And last but not least (to "conclude" the Big 5) we saw elephants in Chobe .....

..... a lone elephant bull in Kruger .....

..... and in conclusion, (white) elephants in Etosha [SEE: white versus black explanation above].

Wednesday, December 9, 2009

Lion Drama

Today - finally the promised lion "story".

We knew there were lions in the vicinity. As we looked around, this lioness made an appearance. To be honest, I only realised that a youngster was also "in the picture" when I looked at the photos afterwards on my computer at home.

Next a magnificent male lion appeared accompanied by another female.

Lazily he lay down and his female companion followed suit.

There were 2 more lionesses with youngsters, who gazed "longingly" at a herd of zebra & wildebeest grazing at a distant.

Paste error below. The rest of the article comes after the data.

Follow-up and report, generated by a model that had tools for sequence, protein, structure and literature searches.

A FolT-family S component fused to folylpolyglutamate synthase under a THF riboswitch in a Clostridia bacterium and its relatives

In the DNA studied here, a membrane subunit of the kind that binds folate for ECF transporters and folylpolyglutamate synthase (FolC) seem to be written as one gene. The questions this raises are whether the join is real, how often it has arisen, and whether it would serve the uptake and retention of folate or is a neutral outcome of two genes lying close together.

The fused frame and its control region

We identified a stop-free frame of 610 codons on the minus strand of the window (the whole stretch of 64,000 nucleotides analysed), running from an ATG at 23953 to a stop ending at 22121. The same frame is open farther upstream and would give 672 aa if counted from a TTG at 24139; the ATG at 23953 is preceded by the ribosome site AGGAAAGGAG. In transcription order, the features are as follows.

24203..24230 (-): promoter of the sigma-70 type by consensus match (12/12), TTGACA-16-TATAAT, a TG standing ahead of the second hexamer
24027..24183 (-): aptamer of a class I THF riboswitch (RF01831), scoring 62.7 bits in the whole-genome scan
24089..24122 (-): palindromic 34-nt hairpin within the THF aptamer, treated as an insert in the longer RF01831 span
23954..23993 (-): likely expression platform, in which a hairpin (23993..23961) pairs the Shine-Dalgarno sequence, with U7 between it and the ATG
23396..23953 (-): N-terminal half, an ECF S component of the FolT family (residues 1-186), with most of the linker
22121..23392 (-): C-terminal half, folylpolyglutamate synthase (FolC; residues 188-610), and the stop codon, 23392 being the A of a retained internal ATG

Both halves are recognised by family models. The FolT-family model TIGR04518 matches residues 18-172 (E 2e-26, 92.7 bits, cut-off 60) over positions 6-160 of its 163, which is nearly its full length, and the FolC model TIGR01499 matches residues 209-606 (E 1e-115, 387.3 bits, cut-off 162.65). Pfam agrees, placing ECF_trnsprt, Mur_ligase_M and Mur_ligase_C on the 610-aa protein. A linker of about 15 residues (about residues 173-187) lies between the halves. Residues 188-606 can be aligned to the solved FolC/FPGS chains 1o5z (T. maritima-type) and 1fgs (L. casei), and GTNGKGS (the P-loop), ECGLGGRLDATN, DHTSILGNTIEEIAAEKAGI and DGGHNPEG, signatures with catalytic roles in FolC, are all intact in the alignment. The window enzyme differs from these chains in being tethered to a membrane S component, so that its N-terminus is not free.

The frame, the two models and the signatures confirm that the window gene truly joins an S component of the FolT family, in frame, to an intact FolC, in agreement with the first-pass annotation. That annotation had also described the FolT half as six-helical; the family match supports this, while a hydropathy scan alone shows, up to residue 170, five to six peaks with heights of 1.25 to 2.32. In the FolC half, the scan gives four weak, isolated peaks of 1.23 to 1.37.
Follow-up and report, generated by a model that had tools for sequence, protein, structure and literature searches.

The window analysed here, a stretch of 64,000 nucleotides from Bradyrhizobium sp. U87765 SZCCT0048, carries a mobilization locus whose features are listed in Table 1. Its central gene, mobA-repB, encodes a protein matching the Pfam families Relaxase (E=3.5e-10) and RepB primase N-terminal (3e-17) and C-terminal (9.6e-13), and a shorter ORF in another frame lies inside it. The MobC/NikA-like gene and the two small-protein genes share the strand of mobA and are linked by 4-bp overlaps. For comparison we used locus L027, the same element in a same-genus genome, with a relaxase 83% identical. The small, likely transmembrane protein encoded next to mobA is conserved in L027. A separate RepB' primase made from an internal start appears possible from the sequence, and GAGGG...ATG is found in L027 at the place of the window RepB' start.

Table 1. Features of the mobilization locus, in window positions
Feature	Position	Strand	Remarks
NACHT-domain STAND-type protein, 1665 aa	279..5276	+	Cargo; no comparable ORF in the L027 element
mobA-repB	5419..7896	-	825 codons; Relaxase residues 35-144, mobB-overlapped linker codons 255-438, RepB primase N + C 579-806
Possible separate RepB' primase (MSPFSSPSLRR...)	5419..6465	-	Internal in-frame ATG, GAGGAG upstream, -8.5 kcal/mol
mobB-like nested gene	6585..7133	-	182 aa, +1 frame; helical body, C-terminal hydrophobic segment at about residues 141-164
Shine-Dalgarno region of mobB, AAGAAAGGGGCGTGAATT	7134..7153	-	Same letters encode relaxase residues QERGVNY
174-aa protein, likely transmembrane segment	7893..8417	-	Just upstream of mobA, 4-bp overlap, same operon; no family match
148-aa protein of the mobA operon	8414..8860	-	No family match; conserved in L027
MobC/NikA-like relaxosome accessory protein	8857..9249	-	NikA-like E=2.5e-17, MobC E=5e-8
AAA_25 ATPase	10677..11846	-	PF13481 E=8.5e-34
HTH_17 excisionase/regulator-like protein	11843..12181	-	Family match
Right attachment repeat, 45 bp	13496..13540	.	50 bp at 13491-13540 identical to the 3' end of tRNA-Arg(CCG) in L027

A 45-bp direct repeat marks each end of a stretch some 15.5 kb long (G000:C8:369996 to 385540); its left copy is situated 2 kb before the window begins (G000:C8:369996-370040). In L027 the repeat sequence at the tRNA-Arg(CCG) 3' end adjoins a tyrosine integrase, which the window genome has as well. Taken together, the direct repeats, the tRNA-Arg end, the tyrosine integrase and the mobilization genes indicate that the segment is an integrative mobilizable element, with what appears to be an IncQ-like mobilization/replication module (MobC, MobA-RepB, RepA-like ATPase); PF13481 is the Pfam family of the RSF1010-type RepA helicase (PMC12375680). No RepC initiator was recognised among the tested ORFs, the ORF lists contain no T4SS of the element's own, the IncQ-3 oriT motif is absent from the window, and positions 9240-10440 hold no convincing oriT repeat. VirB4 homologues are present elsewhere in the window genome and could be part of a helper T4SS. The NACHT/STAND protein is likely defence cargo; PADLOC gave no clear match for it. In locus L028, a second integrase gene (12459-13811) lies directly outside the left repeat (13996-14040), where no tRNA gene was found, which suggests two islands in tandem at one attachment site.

One of the lionesses was obviously "delegated" to keep an eye on the large group of lion youngsters - somehow the "demeanour" of this female seems to express her dissatisfaction with this "job"!? I guess she would have preferred to go hunting instead??

She nonetheless appears to accept her "fate" because she lies down amongst the playful youngsters.

One of the other females is on "high alert".....

..... whilst the fourth female starts stalking the nearby prey, which appear blissfully unaware of the nearing predator??

Perhaps it wasn't a matter of blissful ignorance? We will never know because it was time to drive back to the camp before the gates to the Etosha Park closed that night. As we reluctantly left, our last impression was of the stalker gazing at the herd of wildebeest grazing calmly in the distance.

How did this story end??